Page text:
The coronavirus has disrupted everything in Massachusetts this spring, and this year’s Tree Farm assessment was no different.
Every 4 or 5 years, a number of randomly selected Tree Farms in Massachusetts are reviewed by a third party assessor to see how well they are managed to comply with the American Forest Foundation’s current Standards for Sustainability. The assessments provide an opportunity to see how local properties’ management meets national and international standards, and what can be improved.
In May, culminating a nine month effort, the 2020 Massachusetts Tree Farm assessment was completed successfully, thanks to the efforts of Tree Farmers, consulting foresters, and the Tree Farm administrator. The 15 Tree Farms in Plymouth, Norfolk, Worcester, Hampden and Hampshire counties that took part were all found to meet the AFF Standards, and many were found to have taken extra steps that exceeded it.
While this year’s assessment again showed that Massachusetts Tree Farms are well managed by caring landowners, the process had to be a bit different. In prior assessments in 2011 and 2015, the state Tree Farm Committee got copies of the management plans and Forest Cutting plans for the 15 Tree Farms selected for the assessing forester to review. Then the forester and members of the committee would spend three days traveling around the state visiting each of the 15 Tree Farms, talking with the Tree Farmers and foresters, and seeing how management was actually carried out on the ground.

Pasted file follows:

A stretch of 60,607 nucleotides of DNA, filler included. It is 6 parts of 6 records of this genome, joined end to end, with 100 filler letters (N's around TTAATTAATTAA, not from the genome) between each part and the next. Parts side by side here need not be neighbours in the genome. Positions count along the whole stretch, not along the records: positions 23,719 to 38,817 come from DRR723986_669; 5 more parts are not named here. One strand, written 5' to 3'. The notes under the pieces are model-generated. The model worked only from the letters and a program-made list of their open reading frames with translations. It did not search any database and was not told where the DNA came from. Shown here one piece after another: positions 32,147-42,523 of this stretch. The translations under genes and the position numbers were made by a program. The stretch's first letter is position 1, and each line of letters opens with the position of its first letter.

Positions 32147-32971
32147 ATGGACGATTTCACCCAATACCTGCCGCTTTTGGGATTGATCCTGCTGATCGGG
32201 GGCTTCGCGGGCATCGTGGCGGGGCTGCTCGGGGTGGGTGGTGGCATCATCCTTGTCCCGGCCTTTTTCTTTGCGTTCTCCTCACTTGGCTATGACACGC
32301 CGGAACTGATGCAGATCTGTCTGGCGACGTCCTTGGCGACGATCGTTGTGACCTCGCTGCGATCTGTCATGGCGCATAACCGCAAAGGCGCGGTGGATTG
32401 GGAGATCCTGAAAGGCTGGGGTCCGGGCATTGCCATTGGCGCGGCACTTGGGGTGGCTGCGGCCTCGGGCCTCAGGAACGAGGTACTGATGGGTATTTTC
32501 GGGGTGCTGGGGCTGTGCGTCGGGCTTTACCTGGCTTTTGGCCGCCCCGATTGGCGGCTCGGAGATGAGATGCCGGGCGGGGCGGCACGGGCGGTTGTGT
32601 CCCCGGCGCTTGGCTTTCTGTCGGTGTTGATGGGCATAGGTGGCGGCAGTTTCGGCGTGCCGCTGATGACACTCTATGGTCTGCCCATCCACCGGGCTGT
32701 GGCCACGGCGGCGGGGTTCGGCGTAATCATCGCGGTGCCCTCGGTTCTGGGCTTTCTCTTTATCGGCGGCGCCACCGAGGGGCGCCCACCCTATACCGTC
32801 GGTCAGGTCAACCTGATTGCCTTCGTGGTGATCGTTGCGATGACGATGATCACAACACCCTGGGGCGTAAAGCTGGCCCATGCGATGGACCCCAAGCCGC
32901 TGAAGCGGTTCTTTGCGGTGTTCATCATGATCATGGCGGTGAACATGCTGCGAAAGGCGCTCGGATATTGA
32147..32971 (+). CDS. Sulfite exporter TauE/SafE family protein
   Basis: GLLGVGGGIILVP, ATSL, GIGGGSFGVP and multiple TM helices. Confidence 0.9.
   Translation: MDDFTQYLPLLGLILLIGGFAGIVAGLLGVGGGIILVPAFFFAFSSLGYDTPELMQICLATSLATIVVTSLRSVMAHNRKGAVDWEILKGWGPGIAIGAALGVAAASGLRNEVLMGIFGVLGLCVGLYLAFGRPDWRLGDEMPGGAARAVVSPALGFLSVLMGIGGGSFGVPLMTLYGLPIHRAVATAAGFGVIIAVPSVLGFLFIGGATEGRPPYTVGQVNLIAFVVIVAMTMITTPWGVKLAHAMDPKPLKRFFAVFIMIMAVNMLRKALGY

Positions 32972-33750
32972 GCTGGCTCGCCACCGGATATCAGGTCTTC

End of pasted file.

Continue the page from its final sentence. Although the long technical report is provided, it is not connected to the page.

This year, due to the necessity for social distancing for the coronavirus, the on-the-ground visits couldn’t be held. Just lining up the 15 Tree Farms proved to be a challenge as two of the initially selected Tree Farms had to drop out, one because it was being sold, and another because the owner was hospitalized with the virus.
Once those issues were finally worked out, Tree Farm administrator Greg Cox set up hour-long telephone interviews for each Tree Farmer and their forester to talk with James Lucas, the Price Waterhouse Coopers forester from British Columbia, who had previously read each Tree Farm’s management plans and any recent Forest Cutting plans for the properties. Lucas discussed with each Tree Farmer what their goals were for their woods, how they were managing them, and how they protected rare habitats or special sites and dealt with invasive species.
A number of Tree Farms were found to have exemplary practices, including planting white pines to diversify a woodland, building a sugarhouse with wood from their property, reclaiming cranberry bogs for native woodlands, doing major cleanups of environmental pollution from a previous landowner, investing in major roadwork and bridges to provide access, creating early successional habitats, rerouting an access road to avoid erosion prone slopes, hosting Woods Walks, Field Days, and Game of Logging training, and setting aside areas to protect sensitive habitats.
Lucas said that he was impressed by the state’s process for reviewing, permitting and checking timber harvests for compliance, and the use of mandatory Best Management Practices to protect streams, wetlands & sensitive habitats, contrasting it with practices in British Columbia where he lives.
A brief review of Lucas’ preliminary findings was held on June 8th with no significant issues in compliance with the AFF standards found.
Tree Farmers taking part in this year’s assessment included New England Forestry Foundation, Hull Forestlands, Thomas Gryzbowski, Moss Hill Trust, Rich Julian, Ron & LuAnn Benoit, Ralph Mann, Holly & James Robert, Byron & NancyStutzman, Rene & Renee Fleuette, Donald Raymond, William Bancroft, Bob Moynagh & the Town of Plymouth.
Foresters who helped with the assessment included Mark Mueller, Chris Pryor, Ross Hubacz, Craig Masterman, Scott Gerrish, and Phil Benjamin.